Air Date: Week of March 25, 1994
Host Steve Curwood talks to Richard Warner of the Nature Conservancy about the role of military land as unintentional wildlife habitat. A database created by the Nature Conservancy indicates that Department of Defense land may harbor as many rare and endangered species as other public lands deliberately created to preserve wildlife.
CURWOOD: The biodiversity at Fort Ord may be unique in its content but not in its occurrence. According to researchers at the Nature Conservancy, US military bases are among the most biologically rich areas in the nation. The Nature Conservancy has been compiling a computer database of rare and endangered species on public lands, working in cooperation with the government. Richard Warner is in charge of the project, and he joins us on the line from Washington. Mr. Warner, just how important are military lands in terms of biodiversity?
WARNER: Our data indicates that Department of Defense lands harbors many endangered species, as the lands of Fish and Wildlife Service, National Park Service, or Bureau of Land Managements. For example, at Nullis Air Force Base in Nevada, our teams last year discovered large new populations of the Miriam bear claw poppy. This is a species that is a candidate for Federal listing. It was previously known from only about a dozen populations between Death Valley and Las Vegas, probably totaling less than 1,000 individuals. And our work at Nullis, we've turned up 25 additional populations totaling more than 50,000 individuals. This may be enough to remove this species from consideration for Federal listing.
CURWOOD: And when you say listing you mean listing as an endangered or a threatened species.
WARNER: Yes, exactly. Under the Endangered Species Act.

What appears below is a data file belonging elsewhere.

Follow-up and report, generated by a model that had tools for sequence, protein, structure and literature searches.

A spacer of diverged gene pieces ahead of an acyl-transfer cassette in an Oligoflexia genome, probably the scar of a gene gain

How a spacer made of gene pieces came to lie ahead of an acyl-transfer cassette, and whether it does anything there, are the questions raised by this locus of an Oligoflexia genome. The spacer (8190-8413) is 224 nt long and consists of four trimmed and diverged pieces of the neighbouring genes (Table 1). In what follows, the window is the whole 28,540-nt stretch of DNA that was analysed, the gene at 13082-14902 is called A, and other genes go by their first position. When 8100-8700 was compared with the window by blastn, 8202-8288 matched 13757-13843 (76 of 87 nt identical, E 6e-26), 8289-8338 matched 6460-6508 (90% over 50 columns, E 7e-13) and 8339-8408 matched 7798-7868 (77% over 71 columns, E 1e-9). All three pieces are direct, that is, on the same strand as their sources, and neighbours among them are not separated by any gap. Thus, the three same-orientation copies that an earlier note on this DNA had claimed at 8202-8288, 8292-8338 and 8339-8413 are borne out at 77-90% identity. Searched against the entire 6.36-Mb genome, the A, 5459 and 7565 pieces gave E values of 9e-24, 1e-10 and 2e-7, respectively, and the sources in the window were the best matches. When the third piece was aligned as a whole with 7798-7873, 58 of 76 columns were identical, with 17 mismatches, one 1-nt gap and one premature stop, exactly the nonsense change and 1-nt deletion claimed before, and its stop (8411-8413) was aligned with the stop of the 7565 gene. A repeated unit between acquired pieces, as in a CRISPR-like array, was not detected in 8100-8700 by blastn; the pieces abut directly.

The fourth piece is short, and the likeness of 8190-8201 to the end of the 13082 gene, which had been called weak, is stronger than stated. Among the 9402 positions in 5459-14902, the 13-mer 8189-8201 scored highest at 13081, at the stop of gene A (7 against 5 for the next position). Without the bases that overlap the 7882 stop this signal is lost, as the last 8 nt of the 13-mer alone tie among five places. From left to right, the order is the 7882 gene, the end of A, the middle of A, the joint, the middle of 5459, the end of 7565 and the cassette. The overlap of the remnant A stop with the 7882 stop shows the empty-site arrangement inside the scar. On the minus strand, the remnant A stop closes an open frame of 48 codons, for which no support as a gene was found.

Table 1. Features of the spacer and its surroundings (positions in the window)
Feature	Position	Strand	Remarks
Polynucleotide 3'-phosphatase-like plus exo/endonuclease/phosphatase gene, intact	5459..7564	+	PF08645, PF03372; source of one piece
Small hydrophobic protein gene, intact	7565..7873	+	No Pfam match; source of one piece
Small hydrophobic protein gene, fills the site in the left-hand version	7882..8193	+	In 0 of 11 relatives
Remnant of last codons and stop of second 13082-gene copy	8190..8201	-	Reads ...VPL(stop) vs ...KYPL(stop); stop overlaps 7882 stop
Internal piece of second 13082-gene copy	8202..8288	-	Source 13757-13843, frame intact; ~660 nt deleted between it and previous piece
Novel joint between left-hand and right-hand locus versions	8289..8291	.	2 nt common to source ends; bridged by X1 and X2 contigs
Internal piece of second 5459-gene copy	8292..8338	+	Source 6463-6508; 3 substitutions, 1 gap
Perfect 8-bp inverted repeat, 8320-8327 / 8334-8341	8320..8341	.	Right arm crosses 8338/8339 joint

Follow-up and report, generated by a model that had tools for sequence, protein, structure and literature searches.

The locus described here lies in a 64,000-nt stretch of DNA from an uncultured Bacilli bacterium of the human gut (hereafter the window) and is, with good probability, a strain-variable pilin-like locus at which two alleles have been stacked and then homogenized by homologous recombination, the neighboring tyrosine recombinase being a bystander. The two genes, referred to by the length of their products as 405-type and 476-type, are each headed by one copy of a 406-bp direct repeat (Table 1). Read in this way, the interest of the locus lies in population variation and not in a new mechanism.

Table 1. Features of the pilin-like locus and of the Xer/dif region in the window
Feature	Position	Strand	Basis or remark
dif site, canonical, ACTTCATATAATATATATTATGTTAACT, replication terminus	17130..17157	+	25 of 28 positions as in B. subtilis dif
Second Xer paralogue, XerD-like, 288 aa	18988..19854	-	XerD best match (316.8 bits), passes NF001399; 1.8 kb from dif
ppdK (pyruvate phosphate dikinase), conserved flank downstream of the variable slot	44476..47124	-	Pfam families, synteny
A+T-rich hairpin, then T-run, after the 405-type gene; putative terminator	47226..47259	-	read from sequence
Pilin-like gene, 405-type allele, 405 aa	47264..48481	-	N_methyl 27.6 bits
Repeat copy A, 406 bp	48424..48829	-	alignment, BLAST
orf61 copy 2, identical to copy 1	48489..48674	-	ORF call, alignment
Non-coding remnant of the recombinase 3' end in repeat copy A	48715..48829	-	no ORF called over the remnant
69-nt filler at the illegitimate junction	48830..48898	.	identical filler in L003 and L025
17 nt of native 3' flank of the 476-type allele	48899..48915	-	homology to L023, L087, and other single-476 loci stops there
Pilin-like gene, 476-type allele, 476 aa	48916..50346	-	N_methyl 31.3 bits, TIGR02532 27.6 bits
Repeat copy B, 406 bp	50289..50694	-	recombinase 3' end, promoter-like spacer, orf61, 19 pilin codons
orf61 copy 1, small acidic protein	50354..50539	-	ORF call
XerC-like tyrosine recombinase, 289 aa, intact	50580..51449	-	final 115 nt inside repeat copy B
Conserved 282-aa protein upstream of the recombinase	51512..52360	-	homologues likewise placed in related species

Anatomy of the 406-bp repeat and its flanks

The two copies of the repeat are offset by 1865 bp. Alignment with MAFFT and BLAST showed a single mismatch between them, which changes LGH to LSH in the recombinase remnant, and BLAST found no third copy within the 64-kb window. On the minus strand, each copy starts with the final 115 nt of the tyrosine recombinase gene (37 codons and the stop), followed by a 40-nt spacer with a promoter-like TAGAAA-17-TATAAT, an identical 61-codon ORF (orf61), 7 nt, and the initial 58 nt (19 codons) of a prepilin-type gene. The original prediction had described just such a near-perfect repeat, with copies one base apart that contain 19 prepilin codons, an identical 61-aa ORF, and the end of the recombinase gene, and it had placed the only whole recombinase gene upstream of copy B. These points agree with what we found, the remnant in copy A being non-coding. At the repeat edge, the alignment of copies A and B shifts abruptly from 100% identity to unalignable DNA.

CURWOOD: Why is it that the military has such a rich diversity of rare or endangered species?
WARNER: Many of the military lands are very large preserves. They acquired many of these lands very early in the century, and often acquired them in areas where we don't have national parks or other sorts of protected areas. Many of the military lands have been pretty much off limits, and in addition, the military mission often does not disturb the land very much; they often want an intact landscape for their exercises and training. There are several cases where the military mission has in fact helped mimic the natural ecological processes. For example, some of their firing ranges, they in fact start fires on a very regular basis, in ecosystems where fires are in fact needed. Whereas off side the installations we've often suppressed those fires.
CURWOOD: Are you optimistic about the future of your work in the cataloguing of the species that are on Defense Department land?
WARNER: Oh, very, very optimistic. Steve, let me give you an example of how the military has taken a proactive approach to managing biodiversity. In New Mexico, the Orgin Mountains are an area with a number of endemic species, such as the knotting rock daisy and the organ evening primrose. While these species are not endangered right now, they're not found anywhere else in the world. And the military managers at Fort Bliss are interested in managing those lands to ensure that those species maintain healthy populations in the Orgin Mountains and thereby avoiding any need to list these species in the future. The military has proved a very good partner in not only developing inventories on their lands, but also on how they manage their lands.
CURWOOD: Thank you very much for taking this time to join us. Richard Warner is director of conservation databases for the Nature Conservancy in Washington. Thank you, sir.
WARNER: Thank you, Steve.
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